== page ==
Nominal and real value so when you talk about value we tend to think about the price of the goods. As our concept of what some things are worth, how much we pay for them and for the purpose of this lesson we are going to use a candy bar as our Harshi bar as a methodology of our goal and so let’s say we have one Harshi bar. So in 2014 this Hershey bar will cost us $ 1. At that time the price was five cents. So if I told you that in 1901 it was cheaper or more expensive, it cost five cents and today it costs one dollar.
But if I ask you what’s better, it’s a little trickier. The nominal value is only detailed in terms of how much the sticker costs. In a bigger picture so we have all the basket-like items put together to create what we call baskets, so our Hershey’s bar and our Reese ‘cup have another chocolate bar in the same basket. Let’s look at the average cost of a chocolate bar up to 1990 and 1900 and look at the average cost of a chocolate bar in 2014. From that data we can say that the price of candy has increased by twenty five per cent. It can now be priced 25 times higher and the price index is now 25 times the nominal real value.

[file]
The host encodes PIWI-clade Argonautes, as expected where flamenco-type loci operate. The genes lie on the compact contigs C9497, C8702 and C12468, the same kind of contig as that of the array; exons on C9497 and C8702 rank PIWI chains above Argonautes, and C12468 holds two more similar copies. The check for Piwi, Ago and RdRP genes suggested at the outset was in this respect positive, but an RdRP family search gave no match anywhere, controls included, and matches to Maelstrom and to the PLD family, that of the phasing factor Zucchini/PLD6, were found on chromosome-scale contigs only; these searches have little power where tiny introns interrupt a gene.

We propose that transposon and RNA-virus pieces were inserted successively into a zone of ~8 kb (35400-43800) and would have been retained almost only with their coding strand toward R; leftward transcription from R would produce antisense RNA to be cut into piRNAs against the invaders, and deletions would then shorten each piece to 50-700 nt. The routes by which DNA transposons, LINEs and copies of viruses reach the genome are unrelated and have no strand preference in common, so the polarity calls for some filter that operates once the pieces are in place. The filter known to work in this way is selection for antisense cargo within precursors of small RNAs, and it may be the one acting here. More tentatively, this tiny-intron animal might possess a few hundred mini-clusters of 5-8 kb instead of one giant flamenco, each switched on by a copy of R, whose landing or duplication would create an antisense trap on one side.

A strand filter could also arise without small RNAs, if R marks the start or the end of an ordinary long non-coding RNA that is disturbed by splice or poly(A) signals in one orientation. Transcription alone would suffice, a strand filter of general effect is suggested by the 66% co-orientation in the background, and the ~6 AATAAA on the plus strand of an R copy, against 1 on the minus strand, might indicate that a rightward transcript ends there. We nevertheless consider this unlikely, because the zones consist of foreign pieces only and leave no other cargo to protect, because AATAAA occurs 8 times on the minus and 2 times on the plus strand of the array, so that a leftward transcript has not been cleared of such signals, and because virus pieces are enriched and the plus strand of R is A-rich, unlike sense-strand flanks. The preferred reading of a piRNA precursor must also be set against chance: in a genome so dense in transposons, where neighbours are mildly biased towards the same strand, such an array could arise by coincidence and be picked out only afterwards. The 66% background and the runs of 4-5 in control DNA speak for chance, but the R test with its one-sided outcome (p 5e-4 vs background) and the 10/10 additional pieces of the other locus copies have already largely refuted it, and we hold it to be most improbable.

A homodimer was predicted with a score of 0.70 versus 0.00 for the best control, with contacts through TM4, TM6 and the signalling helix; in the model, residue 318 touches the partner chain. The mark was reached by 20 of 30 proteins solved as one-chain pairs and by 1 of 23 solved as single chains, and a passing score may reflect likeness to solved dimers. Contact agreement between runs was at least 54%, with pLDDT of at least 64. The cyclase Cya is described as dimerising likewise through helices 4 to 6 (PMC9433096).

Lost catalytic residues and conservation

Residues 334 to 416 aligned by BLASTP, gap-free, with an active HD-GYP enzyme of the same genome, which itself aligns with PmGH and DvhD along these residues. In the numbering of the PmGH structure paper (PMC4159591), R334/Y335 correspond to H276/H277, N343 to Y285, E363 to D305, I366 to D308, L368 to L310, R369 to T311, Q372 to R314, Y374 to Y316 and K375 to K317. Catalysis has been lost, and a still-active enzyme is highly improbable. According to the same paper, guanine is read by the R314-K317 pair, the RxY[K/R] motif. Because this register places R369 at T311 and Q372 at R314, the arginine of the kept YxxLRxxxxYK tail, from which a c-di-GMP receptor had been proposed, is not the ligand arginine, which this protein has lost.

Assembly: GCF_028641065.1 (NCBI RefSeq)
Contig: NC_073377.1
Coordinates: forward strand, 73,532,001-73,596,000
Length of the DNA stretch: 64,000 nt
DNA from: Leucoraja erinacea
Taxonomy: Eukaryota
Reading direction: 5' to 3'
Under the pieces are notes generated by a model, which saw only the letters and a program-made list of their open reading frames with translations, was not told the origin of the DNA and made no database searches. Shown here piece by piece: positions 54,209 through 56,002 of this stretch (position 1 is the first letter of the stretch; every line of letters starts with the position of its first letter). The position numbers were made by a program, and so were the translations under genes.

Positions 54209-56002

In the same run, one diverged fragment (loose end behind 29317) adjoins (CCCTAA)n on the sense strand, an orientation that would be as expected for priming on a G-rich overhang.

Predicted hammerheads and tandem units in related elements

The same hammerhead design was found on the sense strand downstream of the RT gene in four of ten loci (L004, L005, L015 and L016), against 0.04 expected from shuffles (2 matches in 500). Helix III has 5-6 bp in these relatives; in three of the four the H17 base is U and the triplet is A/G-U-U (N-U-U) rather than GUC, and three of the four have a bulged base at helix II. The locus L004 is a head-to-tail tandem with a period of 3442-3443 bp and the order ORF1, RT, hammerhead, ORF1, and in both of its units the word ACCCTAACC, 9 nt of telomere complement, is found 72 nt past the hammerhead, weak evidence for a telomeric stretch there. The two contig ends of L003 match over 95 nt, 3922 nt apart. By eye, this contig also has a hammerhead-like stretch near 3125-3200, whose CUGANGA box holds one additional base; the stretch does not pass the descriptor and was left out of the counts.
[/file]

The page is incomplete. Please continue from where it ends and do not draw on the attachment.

How do we get real value now? Let’s use this 1900 chocolate value as our starting point. So to know how much our chocolates are worth this 2014 according to these 1900 prices or 1900 economy, we have to divide that 1 dollar by changing the value of the baskets in those candy bars, which gives us 4 cents. Despite the price, the nominal value of the chocolate bar 2014 was 95% higher than the chocolate bar in 1900. Its true value in terms of the overall candy bar sector in terms of the overall economy is Lex. That means we have less than 5 cents worth of $ 1.